dent of the defendant bank, and Smythe, the president of the loan and trust company, and although charged to the defendant in an count rendered by the loan and trust company, yet it was so near the time of the failure of the bank that I do not think that the acquies. cence of the bank in the correctness of the account should be presumed. Judgment, $80,669.60.
CRONKHITE 'V. HERRIN.
(CircuitOourt j W. D. Wisconsin. 1888.)
STATUTE OF LIMITATIONS-PARTIAL PAYMENT BY PARTNER-DISSOLUTION OF FIRM-VERDICT FOR DEFENDANT.
As the only evidence offered to take the claim in this case out of the statute of limitations is a partial payment made .by a partner after the dissolution of the firm, such evidence will be struck out oil motion of defendant, and a verdict in his favor directed. .
PARTNEHSIIIP-POWER OF PARTNERS AFTER DISSOLUTION.
After dissolution of a partnership,one partner has no power to create or continue a debt as against his copartners, either by express agreement or Ily partial payments.
At Law. Decision on the motion to strike out evidence of payment of one joint debtor to take the case out of the statute of limitations. Finch If Barber, for plaintiff. William 1'. Vilas, of counsel. George W. Gate, for defendant. S. U. Pinney, of counsel. BUNN, J. Since the decision (jf Bell v. Morrison, by STORY, J., in 1 Pet. 351, there could be little doubt, in this court, that upon the dissolution of a copartnership the power of one partner to bind the other partners wholly ceases, and that, as a correct application of that doctrine, one partner has no power to create or continue a debt as against his copartner, either by an express agreement or by partial payment; for, although the case was not one where the power to uind by the continuation of a debt by partial payment actually arose, but only the renewal of the debt after it was barred by the statute, it would be hard to distinguish the two cases on principle. And so, accordingly, we find'that in New York, and other states where the authority and reason of Bell v. Morrison are admitted, the principle has been applied to cases precisely in the situation of the one at bar; that is to say, where it is sought to continue the obligation against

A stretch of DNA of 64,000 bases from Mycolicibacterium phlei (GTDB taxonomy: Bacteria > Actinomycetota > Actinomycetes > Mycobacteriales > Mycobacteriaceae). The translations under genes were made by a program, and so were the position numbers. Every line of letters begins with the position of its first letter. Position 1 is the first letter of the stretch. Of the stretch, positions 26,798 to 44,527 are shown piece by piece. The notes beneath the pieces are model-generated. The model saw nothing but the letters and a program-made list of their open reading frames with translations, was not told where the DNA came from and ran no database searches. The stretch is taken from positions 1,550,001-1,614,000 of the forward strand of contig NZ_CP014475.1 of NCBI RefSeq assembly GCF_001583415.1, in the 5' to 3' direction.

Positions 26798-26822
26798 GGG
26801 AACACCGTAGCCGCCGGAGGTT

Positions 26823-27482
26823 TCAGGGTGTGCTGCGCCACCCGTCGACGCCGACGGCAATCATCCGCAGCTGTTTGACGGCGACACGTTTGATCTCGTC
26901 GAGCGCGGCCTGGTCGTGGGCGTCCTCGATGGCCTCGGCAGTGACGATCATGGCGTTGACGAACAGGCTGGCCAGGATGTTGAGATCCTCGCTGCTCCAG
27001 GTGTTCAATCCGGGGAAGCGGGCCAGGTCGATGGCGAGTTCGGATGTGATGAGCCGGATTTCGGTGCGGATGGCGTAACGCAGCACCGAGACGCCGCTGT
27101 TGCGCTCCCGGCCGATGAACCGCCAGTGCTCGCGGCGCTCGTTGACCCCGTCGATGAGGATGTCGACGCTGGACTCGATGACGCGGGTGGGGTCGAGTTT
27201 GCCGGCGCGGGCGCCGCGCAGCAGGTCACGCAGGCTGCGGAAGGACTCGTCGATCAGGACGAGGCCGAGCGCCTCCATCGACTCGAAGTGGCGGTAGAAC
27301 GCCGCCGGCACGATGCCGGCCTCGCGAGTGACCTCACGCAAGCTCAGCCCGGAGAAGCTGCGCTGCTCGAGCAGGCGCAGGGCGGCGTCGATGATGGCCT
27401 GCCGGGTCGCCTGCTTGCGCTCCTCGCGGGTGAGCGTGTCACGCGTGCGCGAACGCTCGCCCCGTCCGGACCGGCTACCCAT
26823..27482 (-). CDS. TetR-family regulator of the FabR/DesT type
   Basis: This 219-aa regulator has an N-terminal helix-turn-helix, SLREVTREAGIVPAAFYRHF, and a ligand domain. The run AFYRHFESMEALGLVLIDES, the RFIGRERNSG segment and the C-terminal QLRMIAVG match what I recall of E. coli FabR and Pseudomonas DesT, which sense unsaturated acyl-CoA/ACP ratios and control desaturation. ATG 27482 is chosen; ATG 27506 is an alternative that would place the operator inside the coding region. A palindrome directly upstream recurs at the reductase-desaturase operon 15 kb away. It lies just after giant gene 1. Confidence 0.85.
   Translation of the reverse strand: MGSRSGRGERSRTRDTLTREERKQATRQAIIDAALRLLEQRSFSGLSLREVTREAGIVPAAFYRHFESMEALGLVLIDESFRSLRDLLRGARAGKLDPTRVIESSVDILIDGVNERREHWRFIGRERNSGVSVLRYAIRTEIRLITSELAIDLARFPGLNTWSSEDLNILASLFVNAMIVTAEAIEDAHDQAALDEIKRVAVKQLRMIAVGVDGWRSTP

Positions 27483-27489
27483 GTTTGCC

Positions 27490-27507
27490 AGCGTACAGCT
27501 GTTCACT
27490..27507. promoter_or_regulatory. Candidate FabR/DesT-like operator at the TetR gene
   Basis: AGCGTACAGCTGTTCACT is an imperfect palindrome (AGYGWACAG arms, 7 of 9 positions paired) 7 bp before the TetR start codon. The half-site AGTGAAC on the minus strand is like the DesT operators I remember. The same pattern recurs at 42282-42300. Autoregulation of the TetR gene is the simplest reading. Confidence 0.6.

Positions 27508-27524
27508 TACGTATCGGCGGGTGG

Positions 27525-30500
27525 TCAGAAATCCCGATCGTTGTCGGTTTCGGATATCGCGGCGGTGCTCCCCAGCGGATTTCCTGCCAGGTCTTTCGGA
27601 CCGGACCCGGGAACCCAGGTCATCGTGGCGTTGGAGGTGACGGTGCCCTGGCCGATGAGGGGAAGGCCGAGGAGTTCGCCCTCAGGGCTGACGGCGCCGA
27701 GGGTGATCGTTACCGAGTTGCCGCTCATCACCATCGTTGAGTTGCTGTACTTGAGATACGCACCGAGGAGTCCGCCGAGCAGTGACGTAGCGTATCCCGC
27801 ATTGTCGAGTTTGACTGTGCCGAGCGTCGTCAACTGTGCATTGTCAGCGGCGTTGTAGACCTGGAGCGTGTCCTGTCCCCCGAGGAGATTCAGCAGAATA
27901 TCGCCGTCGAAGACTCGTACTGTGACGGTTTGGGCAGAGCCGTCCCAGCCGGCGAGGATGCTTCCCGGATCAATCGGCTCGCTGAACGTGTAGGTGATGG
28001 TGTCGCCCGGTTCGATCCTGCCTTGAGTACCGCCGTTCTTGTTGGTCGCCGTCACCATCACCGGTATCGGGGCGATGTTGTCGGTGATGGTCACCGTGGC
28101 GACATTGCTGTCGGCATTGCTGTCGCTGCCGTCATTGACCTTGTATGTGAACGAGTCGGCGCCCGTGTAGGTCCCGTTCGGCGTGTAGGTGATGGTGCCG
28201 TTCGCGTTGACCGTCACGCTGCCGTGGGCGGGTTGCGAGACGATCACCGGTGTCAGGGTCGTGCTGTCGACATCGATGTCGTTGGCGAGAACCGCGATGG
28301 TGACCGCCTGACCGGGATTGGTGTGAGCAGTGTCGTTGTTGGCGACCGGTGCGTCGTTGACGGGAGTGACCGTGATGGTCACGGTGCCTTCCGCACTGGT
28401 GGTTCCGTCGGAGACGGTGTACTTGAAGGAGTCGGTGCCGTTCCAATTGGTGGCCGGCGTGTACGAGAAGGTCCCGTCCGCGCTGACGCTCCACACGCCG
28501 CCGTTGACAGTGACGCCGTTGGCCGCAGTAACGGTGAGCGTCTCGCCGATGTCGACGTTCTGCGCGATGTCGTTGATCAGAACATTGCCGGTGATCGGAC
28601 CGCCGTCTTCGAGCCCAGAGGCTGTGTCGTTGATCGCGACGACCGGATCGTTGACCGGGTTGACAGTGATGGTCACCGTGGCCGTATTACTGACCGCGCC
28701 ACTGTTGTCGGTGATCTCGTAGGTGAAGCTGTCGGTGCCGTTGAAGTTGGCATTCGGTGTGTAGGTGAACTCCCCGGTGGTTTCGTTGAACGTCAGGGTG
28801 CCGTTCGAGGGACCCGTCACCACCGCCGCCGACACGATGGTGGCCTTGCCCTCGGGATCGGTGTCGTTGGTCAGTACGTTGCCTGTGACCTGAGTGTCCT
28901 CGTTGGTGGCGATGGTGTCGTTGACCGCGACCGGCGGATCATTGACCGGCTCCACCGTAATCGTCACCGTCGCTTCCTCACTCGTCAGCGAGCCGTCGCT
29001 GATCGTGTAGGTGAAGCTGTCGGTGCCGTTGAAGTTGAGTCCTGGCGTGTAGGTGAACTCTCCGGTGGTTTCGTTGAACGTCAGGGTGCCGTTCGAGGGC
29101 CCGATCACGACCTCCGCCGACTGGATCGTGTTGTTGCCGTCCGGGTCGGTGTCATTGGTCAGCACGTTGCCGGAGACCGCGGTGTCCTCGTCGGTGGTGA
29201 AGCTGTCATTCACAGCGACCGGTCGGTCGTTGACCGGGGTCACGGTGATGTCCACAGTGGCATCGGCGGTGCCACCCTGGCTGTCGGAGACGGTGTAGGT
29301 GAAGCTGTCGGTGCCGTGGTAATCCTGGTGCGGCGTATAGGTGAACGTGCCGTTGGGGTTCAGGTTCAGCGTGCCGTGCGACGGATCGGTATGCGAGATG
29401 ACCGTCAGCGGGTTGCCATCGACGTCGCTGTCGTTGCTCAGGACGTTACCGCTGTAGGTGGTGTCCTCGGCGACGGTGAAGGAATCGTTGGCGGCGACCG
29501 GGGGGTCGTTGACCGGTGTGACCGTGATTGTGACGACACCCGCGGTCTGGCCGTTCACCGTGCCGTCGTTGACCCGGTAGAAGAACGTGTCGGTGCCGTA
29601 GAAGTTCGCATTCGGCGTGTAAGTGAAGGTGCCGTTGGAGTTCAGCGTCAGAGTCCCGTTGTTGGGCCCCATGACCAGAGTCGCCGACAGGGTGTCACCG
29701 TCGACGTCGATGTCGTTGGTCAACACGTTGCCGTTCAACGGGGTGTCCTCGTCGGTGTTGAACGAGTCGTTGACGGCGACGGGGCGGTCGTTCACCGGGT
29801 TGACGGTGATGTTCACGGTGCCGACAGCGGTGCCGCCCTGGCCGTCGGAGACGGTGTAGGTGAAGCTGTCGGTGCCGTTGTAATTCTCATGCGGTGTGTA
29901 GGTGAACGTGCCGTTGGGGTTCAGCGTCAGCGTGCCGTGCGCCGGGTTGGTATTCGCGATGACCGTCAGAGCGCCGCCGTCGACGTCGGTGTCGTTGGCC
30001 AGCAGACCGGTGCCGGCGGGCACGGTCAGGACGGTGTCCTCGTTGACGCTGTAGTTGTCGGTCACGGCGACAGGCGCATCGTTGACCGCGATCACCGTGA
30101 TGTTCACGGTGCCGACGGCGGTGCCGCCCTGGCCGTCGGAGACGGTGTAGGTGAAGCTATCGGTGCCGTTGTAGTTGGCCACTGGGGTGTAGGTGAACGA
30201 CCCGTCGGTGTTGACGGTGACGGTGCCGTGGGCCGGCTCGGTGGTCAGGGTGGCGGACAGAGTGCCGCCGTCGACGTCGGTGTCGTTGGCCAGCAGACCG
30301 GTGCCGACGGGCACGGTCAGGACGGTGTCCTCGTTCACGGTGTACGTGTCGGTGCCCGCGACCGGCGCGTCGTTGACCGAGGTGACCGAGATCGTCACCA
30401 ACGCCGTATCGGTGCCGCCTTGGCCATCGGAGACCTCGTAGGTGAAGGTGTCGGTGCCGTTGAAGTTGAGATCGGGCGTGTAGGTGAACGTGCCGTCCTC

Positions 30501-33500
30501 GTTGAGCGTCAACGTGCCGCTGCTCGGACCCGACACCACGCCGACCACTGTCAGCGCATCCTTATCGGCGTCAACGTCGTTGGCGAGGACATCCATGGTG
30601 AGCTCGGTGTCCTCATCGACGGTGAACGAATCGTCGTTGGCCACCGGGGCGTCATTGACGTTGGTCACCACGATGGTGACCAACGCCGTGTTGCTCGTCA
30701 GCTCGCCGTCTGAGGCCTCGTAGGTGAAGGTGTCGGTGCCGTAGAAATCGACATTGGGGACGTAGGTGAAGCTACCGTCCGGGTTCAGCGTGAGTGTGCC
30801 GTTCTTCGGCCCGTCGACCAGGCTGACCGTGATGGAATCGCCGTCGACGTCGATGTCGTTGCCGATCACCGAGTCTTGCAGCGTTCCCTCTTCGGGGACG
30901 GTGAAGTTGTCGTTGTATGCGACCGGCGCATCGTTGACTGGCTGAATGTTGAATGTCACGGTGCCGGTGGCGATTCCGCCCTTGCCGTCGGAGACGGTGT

CRONKHITE V. HERRIN.
one joint contractor by means of a partial payment made by the other before the statute has fully run, so as to make the original obligation binding for the full period prescribed by the statute from the date of such payment. The principle is the same in the one case as the other; and the nature of the power in the hands of one joint contractor to bind the other is the same. And there can be no doubt that the statute of Wisconsin, which, in my judgment, simply expresses the true doctrine of the law on the subject in this country, was intended to cover, and does cover, both cases. It gives the full benefit of the statute of limitations to joint contractors, as against the effect of a payment made or promises to pay by a co-contractor. Its language is: If If there are two or more joint contractors, ·· no one of them
shall lose the benefit of the provisions of this chapter, so.as to be chargeable by reason only of any payment made by any other or otherll of them."